Norwegian Air CEO says Boeing changed 787 pump design
NEW YORK Oct 10 (Reuters) - The chief executive of Norwegian Air Shuttle ASA said on Thursday that Boeing Co changed the design of a hydraulic pump that failed on its 787 Dreamliner in recent weeks, causing the $200 million high-tech plane to be taken out of service for two weeks.
Bjorn Kjos, CEO of the airline, told Reuters in an interview that the faulty pump controlled flaps used to steer the plane, and its failure put the jet out of service every other day.
He said Boeing redesigned the hydraulic pump and is completing two weeks of overhauling the 787 Dreamliner and fixing the pump and other equipment. He said the plane's electrical system was "fine" but software flaws had caused incorrect warnings to appear in the cockpit.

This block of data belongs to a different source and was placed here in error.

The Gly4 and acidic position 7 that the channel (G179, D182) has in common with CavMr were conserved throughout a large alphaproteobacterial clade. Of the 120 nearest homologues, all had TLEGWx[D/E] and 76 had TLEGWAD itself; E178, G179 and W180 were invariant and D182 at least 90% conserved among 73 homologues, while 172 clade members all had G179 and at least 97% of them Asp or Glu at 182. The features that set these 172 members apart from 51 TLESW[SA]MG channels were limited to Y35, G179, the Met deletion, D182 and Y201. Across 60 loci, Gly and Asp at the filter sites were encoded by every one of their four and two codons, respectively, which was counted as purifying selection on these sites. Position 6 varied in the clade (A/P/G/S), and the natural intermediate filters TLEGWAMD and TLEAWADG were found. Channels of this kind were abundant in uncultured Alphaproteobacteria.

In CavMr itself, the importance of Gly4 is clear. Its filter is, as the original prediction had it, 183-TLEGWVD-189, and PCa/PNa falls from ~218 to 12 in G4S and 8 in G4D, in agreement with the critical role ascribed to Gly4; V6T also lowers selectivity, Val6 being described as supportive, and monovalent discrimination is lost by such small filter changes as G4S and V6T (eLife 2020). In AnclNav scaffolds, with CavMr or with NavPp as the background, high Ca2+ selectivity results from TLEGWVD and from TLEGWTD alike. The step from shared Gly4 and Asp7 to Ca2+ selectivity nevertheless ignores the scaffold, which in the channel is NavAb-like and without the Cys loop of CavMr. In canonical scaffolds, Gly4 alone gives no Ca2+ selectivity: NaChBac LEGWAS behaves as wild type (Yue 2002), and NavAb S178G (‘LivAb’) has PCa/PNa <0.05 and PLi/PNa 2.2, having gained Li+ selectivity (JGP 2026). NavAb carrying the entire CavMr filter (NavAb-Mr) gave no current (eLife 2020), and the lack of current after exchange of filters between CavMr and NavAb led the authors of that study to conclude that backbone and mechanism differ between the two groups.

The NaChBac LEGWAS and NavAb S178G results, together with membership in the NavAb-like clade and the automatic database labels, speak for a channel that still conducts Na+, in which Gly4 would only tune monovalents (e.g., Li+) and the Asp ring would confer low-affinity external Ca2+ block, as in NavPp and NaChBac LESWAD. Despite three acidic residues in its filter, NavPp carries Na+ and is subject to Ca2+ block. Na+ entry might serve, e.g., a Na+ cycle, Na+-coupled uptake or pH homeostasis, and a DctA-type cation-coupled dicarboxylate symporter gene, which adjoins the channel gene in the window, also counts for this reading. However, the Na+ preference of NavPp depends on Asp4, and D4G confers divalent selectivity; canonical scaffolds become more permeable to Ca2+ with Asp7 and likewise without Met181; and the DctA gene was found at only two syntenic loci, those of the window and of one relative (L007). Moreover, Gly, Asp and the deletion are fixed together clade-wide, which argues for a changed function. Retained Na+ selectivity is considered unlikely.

Only one of the airline's two 787 Dreamliners had serious issues, he said, and that plane is due to come back from service by Boeing this week. He said the Dreamliner had been a "fantastic" performer on fuel burn and seat costs when flying, and he wants to buy more of them to support passenger growth at Norwegian Air that he forecast at 20 percent a year, up from about 20 million passengers a year currently.
- Pope attacks mega-salaries and wealth gap in peace message
- Atheists face death in 13 countries, global discrimination: study
- South Africa admits mistake over 'schizophrenic' Mandela signer |
- Probation for drunk Texas teen driver who killed four sparks backlash
- Air strike kills 15 civilians in Yemen by mistake: officials